Bernadette Brady
January 2007

The Arabs called Algol, Ras al Ghul  – the Head of the Demon – and they considered this female demon to be the wife of the Devil. Ptolemy labelled the star as ‘the bright one of those in the Gorgon’s head’. The Chinese called the star Tseih She meaning Piled-up Corpses. In Talmudic Law she is the first wife of Adam, Lilith, who left him because she refused to be submissive to his needs. Algol thus embodied everything that men feared in the feminine, the wild, raw, frightening face of the outraged feminine which has been labelled as demonic or simply as evil.  Algol is also part of the constellation Perseus and is one member of an ancient sky narrative. This story as reported is about a prince (Perseus), a princess (Andromeda) and her parents, the king (Cepheus) and the queen (Cassiopeia) . In the sky, Perseus, the young warrior and hunter approaches the princess who lies awaiting her lover. He carries a gift to his bride or her parents which is a token of his ability as a hunter and an offering to her household – a fresh kill, or a beast[1].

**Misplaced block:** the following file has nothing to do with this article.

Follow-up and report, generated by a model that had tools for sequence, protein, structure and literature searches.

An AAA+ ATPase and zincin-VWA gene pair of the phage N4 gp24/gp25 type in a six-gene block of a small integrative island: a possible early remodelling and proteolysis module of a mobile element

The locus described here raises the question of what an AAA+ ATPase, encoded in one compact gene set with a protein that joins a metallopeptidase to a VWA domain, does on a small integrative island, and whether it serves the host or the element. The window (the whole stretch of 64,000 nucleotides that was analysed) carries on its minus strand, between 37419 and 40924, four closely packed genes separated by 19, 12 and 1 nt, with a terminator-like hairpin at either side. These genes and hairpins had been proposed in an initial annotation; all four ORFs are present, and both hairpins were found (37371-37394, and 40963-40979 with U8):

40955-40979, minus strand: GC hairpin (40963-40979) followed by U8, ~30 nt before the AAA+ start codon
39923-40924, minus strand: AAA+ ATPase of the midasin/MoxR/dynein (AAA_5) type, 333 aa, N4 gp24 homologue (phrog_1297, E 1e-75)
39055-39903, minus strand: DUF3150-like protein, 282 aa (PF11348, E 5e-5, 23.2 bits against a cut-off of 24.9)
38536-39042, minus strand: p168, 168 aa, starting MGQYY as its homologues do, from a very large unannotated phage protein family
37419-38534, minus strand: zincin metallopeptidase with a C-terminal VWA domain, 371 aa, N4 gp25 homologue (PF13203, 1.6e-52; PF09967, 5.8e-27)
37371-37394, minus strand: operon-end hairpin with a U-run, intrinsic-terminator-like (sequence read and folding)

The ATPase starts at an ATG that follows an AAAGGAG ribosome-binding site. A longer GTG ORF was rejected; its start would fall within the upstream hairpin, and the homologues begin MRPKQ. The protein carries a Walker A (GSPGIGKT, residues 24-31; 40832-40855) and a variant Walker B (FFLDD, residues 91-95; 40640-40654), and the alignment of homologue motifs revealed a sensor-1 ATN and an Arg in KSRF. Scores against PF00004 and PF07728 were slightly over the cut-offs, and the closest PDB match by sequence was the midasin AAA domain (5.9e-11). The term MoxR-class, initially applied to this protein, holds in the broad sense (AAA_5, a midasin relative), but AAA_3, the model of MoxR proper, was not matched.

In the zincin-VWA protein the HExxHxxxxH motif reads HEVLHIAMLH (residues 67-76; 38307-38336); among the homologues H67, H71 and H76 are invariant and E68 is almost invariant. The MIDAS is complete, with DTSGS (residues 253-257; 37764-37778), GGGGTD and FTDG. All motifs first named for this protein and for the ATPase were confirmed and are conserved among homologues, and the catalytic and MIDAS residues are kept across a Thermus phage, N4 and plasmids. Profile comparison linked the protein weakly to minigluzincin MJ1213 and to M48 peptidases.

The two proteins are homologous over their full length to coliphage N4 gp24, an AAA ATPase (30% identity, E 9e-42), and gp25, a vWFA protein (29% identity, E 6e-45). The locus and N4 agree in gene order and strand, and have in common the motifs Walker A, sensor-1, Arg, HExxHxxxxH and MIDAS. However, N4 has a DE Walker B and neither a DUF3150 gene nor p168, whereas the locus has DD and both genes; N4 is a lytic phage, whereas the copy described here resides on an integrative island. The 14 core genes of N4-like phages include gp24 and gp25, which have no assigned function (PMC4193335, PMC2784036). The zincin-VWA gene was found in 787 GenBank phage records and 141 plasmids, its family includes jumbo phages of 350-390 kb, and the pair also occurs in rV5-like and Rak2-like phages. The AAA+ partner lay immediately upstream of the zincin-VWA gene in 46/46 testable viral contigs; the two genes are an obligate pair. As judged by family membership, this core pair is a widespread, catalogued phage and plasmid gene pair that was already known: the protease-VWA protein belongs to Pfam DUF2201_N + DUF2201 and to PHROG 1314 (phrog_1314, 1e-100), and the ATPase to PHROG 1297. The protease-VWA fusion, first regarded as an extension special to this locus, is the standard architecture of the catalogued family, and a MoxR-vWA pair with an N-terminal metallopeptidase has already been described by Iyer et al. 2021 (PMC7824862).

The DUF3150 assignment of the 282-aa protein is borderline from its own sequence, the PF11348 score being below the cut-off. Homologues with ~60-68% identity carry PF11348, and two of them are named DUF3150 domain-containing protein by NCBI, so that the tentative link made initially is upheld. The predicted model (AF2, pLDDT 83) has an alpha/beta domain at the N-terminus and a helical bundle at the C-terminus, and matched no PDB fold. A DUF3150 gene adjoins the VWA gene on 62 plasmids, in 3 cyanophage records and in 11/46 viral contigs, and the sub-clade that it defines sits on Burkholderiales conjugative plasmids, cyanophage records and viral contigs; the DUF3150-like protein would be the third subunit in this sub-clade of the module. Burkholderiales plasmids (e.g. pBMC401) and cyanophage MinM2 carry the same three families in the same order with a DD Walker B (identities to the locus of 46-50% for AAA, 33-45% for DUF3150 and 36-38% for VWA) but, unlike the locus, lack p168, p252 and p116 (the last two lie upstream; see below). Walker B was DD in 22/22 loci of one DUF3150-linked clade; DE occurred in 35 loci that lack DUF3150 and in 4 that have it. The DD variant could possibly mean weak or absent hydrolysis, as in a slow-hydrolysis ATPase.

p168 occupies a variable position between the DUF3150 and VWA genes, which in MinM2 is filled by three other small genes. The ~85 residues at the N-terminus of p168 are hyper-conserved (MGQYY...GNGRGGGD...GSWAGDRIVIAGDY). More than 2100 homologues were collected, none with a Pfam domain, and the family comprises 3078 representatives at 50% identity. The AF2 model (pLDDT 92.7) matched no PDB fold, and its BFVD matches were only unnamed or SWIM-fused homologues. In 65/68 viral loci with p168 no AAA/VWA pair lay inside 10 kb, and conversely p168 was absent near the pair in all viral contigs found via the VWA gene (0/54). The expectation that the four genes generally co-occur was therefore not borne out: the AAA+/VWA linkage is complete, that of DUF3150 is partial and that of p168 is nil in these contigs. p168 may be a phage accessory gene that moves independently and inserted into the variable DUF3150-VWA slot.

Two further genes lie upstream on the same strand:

In our current times we tend to define Algol as the beast, but however we define this much maligned  star in astrology, you can locate it in the sky north of Taurus the Bull – if you are in the northern hemisphere then look higher in the sky about 20 degrees above the Bull – half way towards the North Pole star; if you are in the southern hemisphere then look below Taurus by about 20 degrees (one hand span in the sky). Many astrologers think that Algol is on the ecliptic but as you can see from the above map it is well north of the ecliptic (the pink line in the above map).

[1]Brady, Bernadette (1998) Brady’s Book of Fixed Stars. Maine, USA:Samuel Weisers pp. 188-191